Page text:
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Pet Doc
Pet Doc, Cat Veterinarian
Category: Cat
Satisfied Customers: 7455
Experience:  Veterinarian - BVSc (DVM equivalent). Special interest in canine and feline medicine and surgery.
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My cat Emma is 2 years old. I got her from a rescue centre

Customer Question

My cat Emma is 2 years old. I got her from a rescue centre in April. She's had a lot of eye problems. The vet has tried different creams but one eye is still sore/running. The vet has said he won't be able to giver her anything else only to clean her eye every day with cotton wool and warm water. Should I get a 2nd opinion from another vet? She's been on maxitrol, auromycin (not available any longer) and fucithalmic. Please advise. Thank you.
Submitted: 4 years ago.
Category: Cat
Expert:  Pet Doc replied 4 years ago.
Hi there,

Thanks for your question regarding your 2 year old girl Emma who seems to have constant eye problems! The difficulty here is that you don't know Emma's full history (given she is a rescue cat), so this eye issue could potentially be because of anything from a bad recurrent herpes viral infection, to an allergy of some description, or even due to blocked or scarred tear ducts. It certainly sounds like your vet has tried a number of different methods to treat your girl, and hopefully he has carried out a few diagnostics on her.

To be completely honest - a lot of the time eyes pose some difficulty to Veterinarians as they can be tricky to find the ultimate diagnosis on. For this reason, I would definitely recommend that you ask to be referred to a Veterinary Opthalmologist. There are quite a few in the UK and this (in my opinion) is your best bet at finding an answer as to why Emma's eyes are like this, as well as the best longterm treatment for her. The Vet Opthalmologists have the full kit they need to make a diagnosis and this may include taking a viral swab to rule out herpes virus or calicivirus, as well as a shirmer tear test to check tear production and a fluorescene dye test to check the nasolacrimal ducts (tear ducts) and to ensure there aren't any ulcers on either eye.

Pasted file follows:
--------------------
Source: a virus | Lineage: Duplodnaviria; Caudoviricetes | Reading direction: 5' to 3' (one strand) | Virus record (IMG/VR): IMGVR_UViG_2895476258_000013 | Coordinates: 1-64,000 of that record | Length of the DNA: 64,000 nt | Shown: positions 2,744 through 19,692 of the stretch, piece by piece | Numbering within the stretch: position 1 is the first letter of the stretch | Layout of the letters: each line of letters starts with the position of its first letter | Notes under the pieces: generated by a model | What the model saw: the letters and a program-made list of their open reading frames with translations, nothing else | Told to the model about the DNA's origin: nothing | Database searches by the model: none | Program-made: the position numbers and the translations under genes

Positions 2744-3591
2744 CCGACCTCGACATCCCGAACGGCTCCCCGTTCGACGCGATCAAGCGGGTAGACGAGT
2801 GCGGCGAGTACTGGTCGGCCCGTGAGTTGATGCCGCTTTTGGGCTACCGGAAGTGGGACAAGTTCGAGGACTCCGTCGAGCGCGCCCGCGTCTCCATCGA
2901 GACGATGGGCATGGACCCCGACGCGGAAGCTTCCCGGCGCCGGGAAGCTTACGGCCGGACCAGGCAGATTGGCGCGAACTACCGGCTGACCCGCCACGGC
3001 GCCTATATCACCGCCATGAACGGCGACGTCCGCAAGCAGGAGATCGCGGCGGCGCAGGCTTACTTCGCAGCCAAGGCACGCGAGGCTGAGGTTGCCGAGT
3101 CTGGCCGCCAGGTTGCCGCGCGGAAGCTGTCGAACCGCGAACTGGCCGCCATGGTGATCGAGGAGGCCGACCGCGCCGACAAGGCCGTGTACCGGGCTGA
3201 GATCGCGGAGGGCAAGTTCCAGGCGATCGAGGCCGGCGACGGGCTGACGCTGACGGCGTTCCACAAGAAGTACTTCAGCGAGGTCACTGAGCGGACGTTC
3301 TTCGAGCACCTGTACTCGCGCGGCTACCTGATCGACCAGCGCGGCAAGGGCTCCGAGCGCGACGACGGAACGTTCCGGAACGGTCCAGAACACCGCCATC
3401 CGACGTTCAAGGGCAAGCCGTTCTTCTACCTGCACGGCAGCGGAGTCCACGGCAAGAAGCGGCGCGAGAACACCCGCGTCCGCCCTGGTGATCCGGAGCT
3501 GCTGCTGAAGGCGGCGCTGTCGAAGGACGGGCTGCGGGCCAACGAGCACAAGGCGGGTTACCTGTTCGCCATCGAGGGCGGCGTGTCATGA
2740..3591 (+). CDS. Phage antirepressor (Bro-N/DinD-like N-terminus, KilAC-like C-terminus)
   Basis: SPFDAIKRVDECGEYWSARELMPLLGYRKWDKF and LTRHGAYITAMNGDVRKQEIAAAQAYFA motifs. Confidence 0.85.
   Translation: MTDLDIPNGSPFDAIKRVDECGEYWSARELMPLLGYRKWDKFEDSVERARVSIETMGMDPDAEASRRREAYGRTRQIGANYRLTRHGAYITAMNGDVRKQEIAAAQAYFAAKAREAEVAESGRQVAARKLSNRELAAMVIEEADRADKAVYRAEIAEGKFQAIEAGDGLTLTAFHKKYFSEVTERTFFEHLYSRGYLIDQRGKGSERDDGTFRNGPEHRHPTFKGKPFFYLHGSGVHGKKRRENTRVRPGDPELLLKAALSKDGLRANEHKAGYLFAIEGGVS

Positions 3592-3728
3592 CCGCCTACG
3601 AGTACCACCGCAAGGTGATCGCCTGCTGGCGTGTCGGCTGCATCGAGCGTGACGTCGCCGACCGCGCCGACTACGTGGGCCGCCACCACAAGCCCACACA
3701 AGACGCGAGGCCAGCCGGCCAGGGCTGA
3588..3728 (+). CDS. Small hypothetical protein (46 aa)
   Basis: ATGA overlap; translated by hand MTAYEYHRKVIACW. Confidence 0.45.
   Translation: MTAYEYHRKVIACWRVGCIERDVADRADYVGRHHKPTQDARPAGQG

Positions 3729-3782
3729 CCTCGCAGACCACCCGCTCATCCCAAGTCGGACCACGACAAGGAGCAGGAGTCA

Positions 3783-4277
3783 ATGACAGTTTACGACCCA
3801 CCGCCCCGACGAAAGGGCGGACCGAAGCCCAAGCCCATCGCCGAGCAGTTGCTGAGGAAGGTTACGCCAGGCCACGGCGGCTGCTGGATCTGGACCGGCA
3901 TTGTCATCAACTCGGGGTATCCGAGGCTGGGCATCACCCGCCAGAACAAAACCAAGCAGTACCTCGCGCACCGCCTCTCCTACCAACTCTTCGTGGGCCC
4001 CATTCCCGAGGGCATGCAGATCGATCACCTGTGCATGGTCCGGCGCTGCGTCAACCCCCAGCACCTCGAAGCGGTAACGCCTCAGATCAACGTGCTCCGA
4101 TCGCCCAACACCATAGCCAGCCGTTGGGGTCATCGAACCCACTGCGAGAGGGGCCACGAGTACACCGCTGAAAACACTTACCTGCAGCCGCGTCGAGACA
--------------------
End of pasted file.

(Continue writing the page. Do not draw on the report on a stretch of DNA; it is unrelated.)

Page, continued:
Your Vet (or the Vet nurses at the surgery you go to) will be more than happy to help you find a local Vet eye specialist as well as to arrange the referral for you.

I think this is the best way forward for Emma. If Emma is insured this this would be covered as well.

Best of luck with your girl and let me know how you get on. Don't forget to click a happy :-D face if this has been helpful.

Kind Regards,

Dr Edwards
Customer: replied 4 years ago.


You don't think that I should get a 2nd opinion? The vet has not done any tests on the eye at all. Emma did have cat flu when I got her. This is now better. The problem is now the eye infection that will not clear.

Expert:  Pet Doc replied 4 years ago.
Hi again Sharon,

Yes - I do definitely think you should get a second opinion. If you can afford the second opinion with the eye specialist I mentioned above - brilliant. If your enquire and the consultation fee seems too expensive with the eye specialist - then getting a second opinion at another local clinic would definitely be a fair idea as well. So long as the next Vet carries out some diagnostics so you can try and get an answer as to what is going on here - that is the main thing. As I mentioned above - ideally this would include viral swabs (and I would also recommend a swab for bacterial culture and sensitivity), as well as checking the tear ducts, checking for eye ulcers, checking for stray 'eyelashes' that could be rubbing on her eyes, or any foreign bodies under her eyelids or third eyelid.

As I say, if you can go straigh to an eye specialist, that would be the best option.

Kind Regards,

Dr E

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